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PortLand: A Scalable Fault-Tolerant Layer 2 Data Center Network Fabric. Presented by: Vinuthna Nalluri Shiva Srivastava.

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Presentation on theme: "PortLand: A Scalable Fault-Tolerant Layer 2 Data Center Network Fabric. Presented by: Vinuthna Nalluri Shiva Srivastava."— Presentation transcript:

1 PortLand: A Scalable Fault-Tolerant Layer 2 Data Center Network Fabric. Presented by: Vinuthna Nalluri Shiva Srivastava

2 Motivation Requirements for scalable, easily manageable, fault tolerant and efficient Data Center Networks (DCN): – R1: Any VM may migrate to any physical machine without change their IP addresses – R2: An administrator should not need to configure any switch before deployment – R3: Any end host should efficiently communicate with any other end hosts through any available paths – R4: No forwarding loops – R5: Failure detection should be rapid and efficient Implication on network protocols: – A single layer2 fabric for entire data center (R1&R2) – Mac forwarding tables with hundreds of thousands entries (R3) – Efficient routing protocols which disseminate topology changes quickly to all points (R5)

3 Background Data Center Networks topology: – End hosts connects to top of rack (ToR) switches – ToR switches contains 48 GigE ports and up to 4 10 GigE uplinks – ToR switches connect to one or more end of row (EoR) switches Forwarding:  Layer 3 approach: Assign IP addresses to hosts hierarchically based on their directly connected switch. Use standard intra-domain routing protocols, eg. OSPF. Large administration overhead

4 Background[2] – Layer 2 approach: Forwarding on flat MAC addresses Less administrative overhead Bad scalability Low performance – Middle ground between layer 2 and layer 3: VLAN Feasible for smaller scale topologies Resource partition problem End host virtualization: – Needs to support large addresses and VM migrations – In layer 3 fabric, migrating the VM to a different switch changes VM’s IP address – In layer 2 fabric, migrating VM incurs scaling ARP and performing routing/forwarding on millions of flat MAC addresses.

5 Background[3] Fat Tree Networks: – Split fat tree into three layers: Labeled edge, aggregation and core – Split fat tree into k pods (k=4) – Each pod supports non-blocking operation among hosts – Each source and destination has paths

6 PortLand Design Goal: – Scalable layer 2 routing, forwarding and addressing for DCN Design: – Fabric manager – Positional pseudo MAC addresses – Proxy-based ARP – Distributed Location Discovery – Loop free forwarding – Fault tolerant routing

7 Fabric Manager Characteristics: – Logically centralized user process running on a dedicated machine – Maintains soft state about network configuration information – Responsible for assisting with ARP resolution, fault tolerance and multi cast Why centralized? – Eliminate the need for administrator configuration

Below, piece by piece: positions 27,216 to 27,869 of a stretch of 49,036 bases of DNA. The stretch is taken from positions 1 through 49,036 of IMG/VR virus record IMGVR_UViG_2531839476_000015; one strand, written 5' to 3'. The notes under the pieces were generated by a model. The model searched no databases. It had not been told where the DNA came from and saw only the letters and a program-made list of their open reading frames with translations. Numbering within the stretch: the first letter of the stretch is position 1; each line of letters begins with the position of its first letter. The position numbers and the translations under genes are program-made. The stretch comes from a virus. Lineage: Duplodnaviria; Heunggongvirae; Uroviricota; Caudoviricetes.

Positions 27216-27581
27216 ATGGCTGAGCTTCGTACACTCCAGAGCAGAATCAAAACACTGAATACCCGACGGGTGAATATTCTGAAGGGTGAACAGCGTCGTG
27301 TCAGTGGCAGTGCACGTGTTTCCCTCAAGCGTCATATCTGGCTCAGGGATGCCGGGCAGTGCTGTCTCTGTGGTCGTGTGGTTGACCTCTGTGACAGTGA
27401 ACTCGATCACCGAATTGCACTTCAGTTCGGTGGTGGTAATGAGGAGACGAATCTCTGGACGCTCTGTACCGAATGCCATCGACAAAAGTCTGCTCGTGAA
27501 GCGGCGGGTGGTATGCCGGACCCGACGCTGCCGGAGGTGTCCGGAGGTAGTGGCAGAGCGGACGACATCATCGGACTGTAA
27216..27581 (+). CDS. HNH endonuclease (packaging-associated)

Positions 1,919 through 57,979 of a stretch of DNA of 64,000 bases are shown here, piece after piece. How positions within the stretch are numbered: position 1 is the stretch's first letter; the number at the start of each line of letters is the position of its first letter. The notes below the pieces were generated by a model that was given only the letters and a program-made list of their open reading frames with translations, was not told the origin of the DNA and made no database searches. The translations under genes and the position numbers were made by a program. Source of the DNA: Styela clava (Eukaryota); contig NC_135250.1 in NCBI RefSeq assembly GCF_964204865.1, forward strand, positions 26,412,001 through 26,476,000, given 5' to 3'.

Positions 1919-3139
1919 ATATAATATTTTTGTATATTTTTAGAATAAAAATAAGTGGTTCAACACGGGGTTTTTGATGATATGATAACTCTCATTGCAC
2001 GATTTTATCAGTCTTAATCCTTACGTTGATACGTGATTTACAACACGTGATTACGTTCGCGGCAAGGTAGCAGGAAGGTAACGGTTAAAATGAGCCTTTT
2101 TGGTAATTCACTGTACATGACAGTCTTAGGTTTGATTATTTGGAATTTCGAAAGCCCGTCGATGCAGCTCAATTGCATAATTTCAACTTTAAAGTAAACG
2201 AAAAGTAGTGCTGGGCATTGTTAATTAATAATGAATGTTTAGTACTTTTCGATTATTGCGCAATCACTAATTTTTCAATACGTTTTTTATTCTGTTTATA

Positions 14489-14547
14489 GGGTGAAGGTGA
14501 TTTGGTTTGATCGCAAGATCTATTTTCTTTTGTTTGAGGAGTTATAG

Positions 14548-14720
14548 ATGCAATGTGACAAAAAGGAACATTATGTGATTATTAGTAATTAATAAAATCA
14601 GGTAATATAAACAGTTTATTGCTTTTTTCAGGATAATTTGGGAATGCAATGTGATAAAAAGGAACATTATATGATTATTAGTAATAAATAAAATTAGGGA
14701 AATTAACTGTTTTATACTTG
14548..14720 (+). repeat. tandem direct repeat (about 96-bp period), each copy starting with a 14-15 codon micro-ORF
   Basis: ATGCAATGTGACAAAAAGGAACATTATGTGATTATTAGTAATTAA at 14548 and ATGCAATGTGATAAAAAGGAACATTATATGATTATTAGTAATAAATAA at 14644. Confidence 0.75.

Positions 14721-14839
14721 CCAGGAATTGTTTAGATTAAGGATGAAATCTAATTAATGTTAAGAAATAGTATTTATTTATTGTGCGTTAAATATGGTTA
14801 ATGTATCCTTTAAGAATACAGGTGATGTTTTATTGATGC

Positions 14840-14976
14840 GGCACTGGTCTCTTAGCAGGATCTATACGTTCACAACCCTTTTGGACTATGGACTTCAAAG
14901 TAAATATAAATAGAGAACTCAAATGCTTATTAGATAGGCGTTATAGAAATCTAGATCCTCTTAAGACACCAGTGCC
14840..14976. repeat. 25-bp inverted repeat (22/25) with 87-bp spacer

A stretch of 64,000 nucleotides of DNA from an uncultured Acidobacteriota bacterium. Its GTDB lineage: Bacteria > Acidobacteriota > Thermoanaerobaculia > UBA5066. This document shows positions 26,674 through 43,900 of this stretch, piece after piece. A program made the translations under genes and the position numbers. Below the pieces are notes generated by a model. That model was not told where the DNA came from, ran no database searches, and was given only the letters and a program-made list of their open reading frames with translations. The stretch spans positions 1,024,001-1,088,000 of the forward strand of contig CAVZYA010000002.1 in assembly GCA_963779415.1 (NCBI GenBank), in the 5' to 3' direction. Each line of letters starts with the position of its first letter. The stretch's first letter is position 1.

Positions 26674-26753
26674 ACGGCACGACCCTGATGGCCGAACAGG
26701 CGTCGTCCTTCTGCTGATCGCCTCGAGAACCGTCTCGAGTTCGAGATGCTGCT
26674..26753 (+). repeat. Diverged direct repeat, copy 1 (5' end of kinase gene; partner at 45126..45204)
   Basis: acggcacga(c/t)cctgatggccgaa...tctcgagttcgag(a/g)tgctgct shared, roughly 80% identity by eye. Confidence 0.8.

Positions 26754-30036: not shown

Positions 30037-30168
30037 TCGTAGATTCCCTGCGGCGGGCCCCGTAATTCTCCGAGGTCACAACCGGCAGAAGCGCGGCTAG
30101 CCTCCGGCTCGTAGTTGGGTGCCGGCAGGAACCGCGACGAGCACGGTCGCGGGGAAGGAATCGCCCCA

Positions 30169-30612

8 Positional Pseudo MAC Addresses Pseudo MAC (PMAC) addresses encodes the location of the host – 48-bit: pod.position.port.vmid – Pod (16 bit): pod number of the edge switch – Position (8 bit): position in the pod – Port (8 bit): the port number it connects to – Vmid (16 bit): VM id of the host

9 AMAC to PMAC mapping

10 Proxy-based ARP

11 Distributed Location Discovery Switches periodically send Location Discovery Message (LDM) out all of their ports to set their positions and to monitor liveness LDM contains: switch identifier, pod number, position, tree level, up/down Find position number for edge switch: – Edge switch randomly proposes a value in [0, k/2-1] to all aggregation switches in the same pod – If it is verified as unused and not tentatively reserved, the proposal is finalized. Find tree level and up/down state: – Port states: disconnected, connected to end host, connected to another switch – A switch with at least half of ports connected to end hosts is an edge switch, and it infers on subsequent LDM that the corresponding incoming port is upward facing. – A switch getting LDM from edge switch is aggregation switch and corresponding incoming port is downward facing port. – A switch with all ports connecting to aggregation switch is core switch, all ports are downward.

12 Portable Loop Free Forwarding Forwarding based on PMAC (pod.position.port.vmid): – Core switches get pod value from PMAC, and send to corresponding port Core switches learn the pod number of directly-connected aggregation switches – Aggregation switches get the pod and position value, if in the same pod, send to the port correspond to the position value, if not, send to the core switch Aggregation switches learn the position number of all directly connected edge switches

13 Fault Tolerant Routing Unicast: fault detection and action

14 Fault Tolerant Routing[2] Multicast: fault detection and action – No core switch connects to all end hosts

15 Fault Tolerant Routing[3] Multicast: after fault recovery

16 Implementation Testbed: – 20 4-port NetFPGA PCI card switches – 16 end hosts Convergence time with increasing faults (UDP): – Transmit packets at rate 250Mpbs

17 Implementation[2] TCP convergence – Same experiment Multicast convergence – Inject 2 link failure at time 4.5, 110 ms to converge

18 Implementation[3] Scalability – Each host transmit 25, 50, 100 ARP requests/sec to fabric manager

19 Implementation[4] VM migration – Sender transmit data at 150 Mbps to a VM – VM migrated to a host on the other pod

20 Conclusion Authors proposed PortLand, a scalable, fault tolerant layer 2 routing and forwarding protocol for DCN It is based on fat tree network topology It implemented PMAC to encode the location of the end host It proposed a loop free forwarding algorithm and a fault tolerant routing algorithm

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